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The St. Petersburg Times: Trutnev Floats Oil Proposal

By Tanya Mosolova
Issue #1290 (56) Thursday, July 19, 2007 

MOSCOW — The government has revived the idea of tax breaks for offshore oil and gas deposits, and will discuss it with global oil majors Tuesday following a landmark deal with France’s Total over the huge Shtokman gas field.

The Natural Resources Ministry said Monday that its chief, Yury Trutnev, would meet executives from ExxonMobil, Royal Dutch Shell, BP, Total and Chevron among other firms Tuesday.

“Among the issues to be discussed … will be possible ways for further tax differentiation aimed at increasing inflow of foreign investment into the [resources] sector,” the ministry said.

The government has long mulled tax breaks for eastern Siberia, Timan Pechora and its offshore seas but last year decided to limit the number of regions to one — eastern Siberia, which is heavily dominated by state-controlled majors Gazprom and Rosneft.

Analysts have said tax breaks for Timan Pechora dropped off the list as it was heavily dominated by LUKoil, and the Kremlin had little incentive in giving privileges to the private firm.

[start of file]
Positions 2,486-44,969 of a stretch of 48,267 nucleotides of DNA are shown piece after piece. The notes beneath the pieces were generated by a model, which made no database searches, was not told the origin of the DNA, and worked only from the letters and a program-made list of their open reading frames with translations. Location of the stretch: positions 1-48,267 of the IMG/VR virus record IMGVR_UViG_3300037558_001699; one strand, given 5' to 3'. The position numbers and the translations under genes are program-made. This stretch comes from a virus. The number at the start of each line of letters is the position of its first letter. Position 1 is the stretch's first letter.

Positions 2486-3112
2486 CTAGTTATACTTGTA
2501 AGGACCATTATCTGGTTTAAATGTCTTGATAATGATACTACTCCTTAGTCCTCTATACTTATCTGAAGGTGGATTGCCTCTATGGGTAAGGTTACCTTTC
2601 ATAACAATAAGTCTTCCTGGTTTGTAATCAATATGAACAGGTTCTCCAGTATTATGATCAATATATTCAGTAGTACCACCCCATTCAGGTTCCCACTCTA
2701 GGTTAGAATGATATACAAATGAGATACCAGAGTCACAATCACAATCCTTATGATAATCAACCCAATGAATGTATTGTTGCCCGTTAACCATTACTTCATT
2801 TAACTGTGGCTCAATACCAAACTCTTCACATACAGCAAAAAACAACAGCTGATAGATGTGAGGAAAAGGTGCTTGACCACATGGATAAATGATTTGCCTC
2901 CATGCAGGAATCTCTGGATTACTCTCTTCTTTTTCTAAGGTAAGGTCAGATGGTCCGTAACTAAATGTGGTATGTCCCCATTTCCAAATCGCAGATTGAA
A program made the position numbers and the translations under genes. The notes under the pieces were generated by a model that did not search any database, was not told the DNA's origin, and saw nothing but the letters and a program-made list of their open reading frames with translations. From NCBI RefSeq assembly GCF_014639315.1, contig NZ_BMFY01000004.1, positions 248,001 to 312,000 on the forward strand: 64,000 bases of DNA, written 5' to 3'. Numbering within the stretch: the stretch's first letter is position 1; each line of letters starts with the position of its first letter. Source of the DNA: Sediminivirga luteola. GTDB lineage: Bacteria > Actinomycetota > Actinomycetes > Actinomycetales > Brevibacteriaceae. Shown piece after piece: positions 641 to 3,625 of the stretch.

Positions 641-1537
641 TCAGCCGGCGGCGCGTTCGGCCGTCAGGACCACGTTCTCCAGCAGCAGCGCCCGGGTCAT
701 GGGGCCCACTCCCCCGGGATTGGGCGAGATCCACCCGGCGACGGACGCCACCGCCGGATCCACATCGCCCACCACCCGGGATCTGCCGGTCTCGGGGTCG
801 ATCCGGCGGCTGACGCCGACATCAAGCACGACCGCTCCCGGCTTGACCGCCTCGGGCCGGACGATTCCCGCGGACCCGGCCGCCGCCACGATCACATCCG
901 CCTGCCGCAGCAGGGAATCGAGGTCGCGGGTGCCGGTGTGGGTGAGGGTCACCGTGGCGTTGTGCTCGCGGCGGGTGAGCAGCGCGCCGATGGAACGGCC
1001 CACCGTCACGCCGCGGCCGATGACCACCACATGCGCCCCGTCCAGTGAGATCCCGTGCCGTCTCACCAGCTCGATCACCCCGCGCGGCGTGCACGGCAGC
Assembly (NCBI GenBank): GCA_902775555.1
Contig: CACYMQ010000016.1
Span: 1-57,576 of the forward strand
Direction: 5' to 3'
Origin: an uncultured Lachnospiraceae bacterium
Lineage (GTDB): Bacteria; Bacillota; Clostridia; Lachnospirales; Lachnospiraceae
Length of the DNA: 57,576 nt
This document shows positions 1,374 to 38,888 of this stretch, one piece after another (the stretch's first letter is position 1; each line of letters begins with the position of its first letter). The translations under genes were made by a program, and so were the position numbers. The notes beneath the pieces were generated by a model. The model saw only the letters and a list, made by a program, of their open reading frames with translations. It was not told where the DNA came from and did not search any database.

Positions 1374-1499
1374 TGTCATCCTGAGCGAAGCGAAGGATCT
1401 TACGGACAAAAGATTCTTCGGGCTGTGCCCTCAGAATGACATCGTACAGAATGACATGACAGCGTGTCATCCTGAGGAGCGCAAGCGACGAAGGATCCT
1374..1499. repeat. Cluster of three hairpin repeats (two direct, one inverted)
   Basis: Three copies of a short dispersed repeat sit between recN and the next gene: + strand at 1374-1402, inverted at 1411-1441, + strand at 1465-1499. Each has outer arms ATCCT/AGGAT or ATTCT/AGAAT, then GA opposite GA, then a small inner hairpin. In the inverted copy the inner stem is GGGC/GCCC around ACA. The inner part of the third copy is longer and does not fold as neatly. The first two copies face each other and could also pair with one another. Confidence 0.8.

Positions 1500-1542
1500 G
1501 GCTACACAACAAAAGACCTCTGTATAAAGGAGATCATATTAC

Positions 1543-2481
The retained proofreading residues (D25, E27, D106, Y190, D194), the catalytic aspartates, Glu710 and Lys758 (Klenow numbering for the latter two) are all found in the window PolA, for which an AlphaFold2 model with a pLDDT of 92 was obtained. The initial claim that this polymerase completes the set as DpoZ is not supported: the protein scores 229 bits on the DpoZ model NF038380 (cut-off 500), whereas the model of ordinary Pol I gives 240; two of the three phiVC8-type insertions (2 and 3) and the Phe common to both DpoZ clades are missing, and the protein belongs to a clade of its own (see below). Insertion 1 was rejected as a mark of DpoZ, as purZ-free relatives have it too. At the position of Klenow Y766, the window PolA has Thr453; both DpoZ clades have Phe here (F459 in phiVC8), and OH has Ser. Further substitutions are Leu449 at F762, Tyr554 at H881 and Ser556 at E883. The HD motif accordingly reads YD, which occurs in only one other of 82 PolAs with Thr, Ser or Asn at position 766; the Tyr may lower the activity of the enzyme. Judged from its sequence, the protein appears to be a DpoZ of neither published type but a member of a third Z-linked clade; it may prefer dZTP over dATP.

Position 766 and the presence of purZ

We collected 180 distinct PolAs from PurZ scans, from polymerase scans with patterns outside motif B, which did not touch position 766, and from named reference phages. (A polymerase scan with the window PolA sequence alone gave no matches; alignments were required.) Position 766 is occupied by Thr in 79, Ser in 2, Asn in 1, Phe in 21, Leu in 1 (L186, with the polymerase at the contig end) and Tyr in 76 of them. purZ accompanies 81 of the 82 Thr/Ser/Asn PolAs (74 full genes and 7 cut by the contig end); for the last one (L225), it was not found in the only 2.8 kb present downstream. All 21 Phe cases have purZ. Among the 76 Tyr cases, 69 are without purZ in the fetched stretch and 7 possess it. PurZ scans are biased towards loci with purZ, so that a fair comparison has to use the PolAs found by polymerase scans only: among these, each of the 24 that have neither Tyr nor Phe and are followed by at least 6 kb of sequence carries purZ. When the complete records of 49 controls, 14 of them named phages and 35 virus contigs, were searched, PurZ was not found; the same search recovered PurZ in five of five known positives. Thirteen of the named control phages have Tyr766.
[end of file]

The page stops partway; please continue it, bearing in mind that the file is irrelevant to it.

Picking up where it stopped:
“At that time, Russia also had a very vague idea as to how it wants to tap its offshore fields. The situation is very much different now after the Shtokman deal,” said Valery Nesterov from Troika Dialog.

Gazprom agreed last week to bring Total into the Shtokman gas field. Total would become a development partner with a 25 percent stake in a firm that will own $15 billion worth of first-phase infrastructure.

Total said it would be able to book reserves from Shtokman, although Gazprom will remain the field’s license holder as well as the sole owner of gas produced.

Foreign majors have suffered a number of setbacks in the past years in Russia, with Shell being forced to cede control to Gazprom in its $22 billion Sakhalin-2 project after months of pressure from state authorities.

Last month, TNK-BP sold control to Gazprom in its Kovykta gas field. The sale has further soured the outlook for foreign deals in Russia, a mood which was quickly reversed by the Shtokman deal.

Analysts say it could become a new constructive, rather than repressive, way of cooperation offered by the Kremlin.

“The Shtokman deal gave a much clearer idea of what foreign firms could expect from Russia — there will be no production sharing or access to licenses. The best foreigners can expect is to become development partners,” Nesterov said.

Natural Resources Ministry spokesman Nikolai Gudkov said the ministry was primarily focused on encouraging Russian companies to develop new untapped regions, although foreign investments were also important.

“If new tax breaks are approved, it will be up to Gazprom to decide how to make them work for foreign partners, such as Total,” Gudkov said.

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